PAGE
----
LOS ANGELES Fernando Vargas was dominant from the beginning before stopping Fitz Vanderpool at 2:36 of the sixth round of their junior middleweight bout Saturday night.
There were no knockdowns, although Vanderpool hit the canvas four times on what were ruled slips.
The final two came in the sixth round before Vargas cornered Vanderpool and was punching his defenseless opponent at will before referee Marty Denken stopped the fight.
Vargas was the clear winner of every round, leading on the judges' scorecards by 50-45, 50-45 and 50-44 in the first five rounds of the bout, scheduled for 10 rounds.
The Associated Press had Vargas leading 50-45.
Vanderpool threw 316 punches, but landed only 44, and none appeared to do more than minimal damage.
Vargas threw 243 punches, landing 125 many of which were solid blows.
Shortly after Denken stopped the bout and with the capacity crowd of 6,700 at the Grand Olympic Auditorium roaring its approval, Vargas stood on the ring ropes pointing to the fans and yelling, ''I love you guys.''
''It was hard to hold back in front of the crowd,'' Vargas said. ''I needed to work on what I've been working on in the gym the body.
''I'm 25, what's the rush? I need to be a better fighter, I need to be a hungrier fighter. I'm my own worst critic I'll go home and look at the tape. There was a little rust.''
Vargas was fighting for the first time since being stopped in the 11th round of his grudge match against Oscar De La Hoya last September in Las Vegas with the WBC, WBA and IBF junior middleweight championship belts at stake.
Vargas later tested positive for steroids and received a nine-month suspension and $100,000 fine. He has maintained his innocence, saying he thought he was taking nutritional supplements.
It was also the first fight in Southern California for Vargas since he made his professional debut in his hometown of Oxnard 5 1/2 years ago. Vargas is rated as the No. 3 challenger to De La Hoya by the WBC behind Vanderpool and Shane Mosley.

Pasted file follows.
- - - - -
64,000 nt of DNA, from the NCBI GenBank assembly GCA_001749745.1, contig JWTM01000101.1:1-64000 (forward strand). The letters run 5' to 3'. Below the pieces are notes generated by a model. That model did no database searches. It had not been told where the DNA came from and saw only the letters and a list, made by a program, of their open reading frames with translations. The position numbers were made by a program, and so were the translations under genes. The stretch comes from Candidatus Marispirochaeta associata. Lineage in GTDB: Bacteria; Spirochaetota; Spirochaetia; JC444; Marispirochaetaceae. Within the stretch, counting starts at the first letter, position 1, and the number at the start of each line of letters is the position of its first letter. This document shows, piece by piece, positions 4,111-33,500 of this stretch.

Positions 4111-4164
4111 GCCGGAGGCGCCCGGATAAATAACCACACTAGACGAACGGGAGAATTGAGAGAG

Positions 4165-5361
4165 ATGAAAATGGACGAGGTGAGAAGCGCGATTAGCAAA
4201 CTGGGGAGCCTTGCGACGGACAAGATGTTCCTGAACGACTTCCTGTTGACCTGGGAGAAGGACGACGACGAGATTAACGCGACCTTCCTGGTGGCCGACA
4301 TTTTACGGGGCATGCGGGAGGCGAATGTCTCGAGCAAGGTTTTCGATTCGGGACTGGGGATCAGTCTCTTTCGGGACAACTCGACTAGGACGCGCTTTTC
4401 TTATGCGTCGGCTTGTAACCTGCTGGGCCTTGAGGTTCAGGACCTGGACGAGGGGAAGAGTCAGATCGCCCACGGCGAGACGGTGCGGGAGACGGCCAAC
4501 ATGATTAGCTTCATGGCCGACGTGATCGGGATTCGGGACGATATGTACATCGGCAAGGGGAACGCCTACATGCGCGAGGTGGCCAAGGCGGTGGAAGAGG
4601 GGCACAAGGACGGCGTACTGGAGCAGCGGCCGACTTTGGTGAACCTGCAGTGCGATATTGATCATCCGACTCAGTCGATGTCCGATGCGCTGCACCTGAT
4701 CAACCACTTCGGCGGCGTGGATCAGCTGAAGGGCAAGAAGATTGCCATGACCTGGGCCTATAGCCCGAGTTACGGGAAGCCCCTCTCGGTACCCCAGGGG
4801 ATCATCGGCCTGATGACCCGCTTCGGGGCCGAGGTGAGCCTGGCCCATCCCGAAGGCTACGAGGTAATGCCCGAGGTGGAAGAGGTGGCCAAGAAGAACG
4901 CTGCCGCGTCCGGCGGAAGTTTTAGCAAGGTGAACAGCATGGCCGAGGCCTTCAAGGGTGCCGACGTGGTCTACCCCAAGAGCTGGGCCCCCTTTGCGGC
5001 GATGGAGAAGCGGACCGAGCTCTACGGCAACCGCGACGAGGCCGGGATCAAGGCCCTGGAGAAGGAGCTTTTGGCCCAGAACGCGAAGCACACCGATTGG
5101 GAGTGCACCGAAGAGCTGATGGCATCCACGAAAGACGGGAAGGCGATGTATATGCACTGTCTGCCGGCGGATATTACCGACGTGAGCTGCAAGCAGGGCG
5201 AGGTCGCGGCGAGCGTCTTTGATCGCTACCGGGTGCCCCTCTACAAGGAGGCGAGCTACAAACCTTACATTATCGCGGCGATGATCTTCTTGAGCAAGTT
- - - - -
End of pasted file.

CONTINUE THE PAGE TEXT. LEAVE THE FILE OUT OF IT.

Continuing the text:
Both Vanderpool and his trainer, Jimmy Montoya, thought the bout was stopped too soon.
''I thought I was wearing him down, closing the gap,'' Vanderpool said. ''But I'm not going to give any excuses.''
Vanderpool, who was born in Trinidad and moved to Canada at age 4, was fighting his first big-name opponent. He entered the ring ranked as the No. 1 WBC junior middleweight contender while Vargas was ranked third.
But Vargas was a prohibitive favorite, and clearly the superior fighter on this night.
''For a guy who was off nine months, he did very well,'' said Buddy McGirt, hired three months ago as Vargas' co-trainer. ''I told him, 'Don't worry about the knockout, just wear him down.'''
That's just what Vargas did.
De La Hoya and Mosley will fight Sept. 13 in Las Vegas. If all goes according to plan, Vargas hopes to challenge De La Hoya again next spring and become a world champion for the third time.
The 35-year-old Vanderpool entered having lost just once in his previous 17 fights while Vargas had been beaten in two of his last four by Felix Trinidad and De La Hoya.
''He's been fighting the best,'' Montoya said.
Vargas weighed 156 pounds, and Vanderpool the junior middleweight maximum of 154. The contract called for the fighters to come in at a maximum of 157.
Vargas entered the ring to a standing ovation while Vanderpool was booed during pre-fight introductions.
Earlier in the program, Manny Pacquio of The Philippines retained his IBF junior featherweight championship by stopping Emanuel Lucero of Mexico City at 48 seconds of the third round.
Pacquio landed a right-left combination that left Lucero staggering and out on his feet. Referee Jose Cobain quickly stepped in and stopped the bout, scheduled for 12 rounds.
Pacquio, 121 1/4 pounds, raised his record to 37-3-1 with 29 knockouts. Lucero, 120 pounds, dropped to 21-1-1 with 12 knockouts.
Both fighters are 24, Neither was close to going down before the sudden ending.
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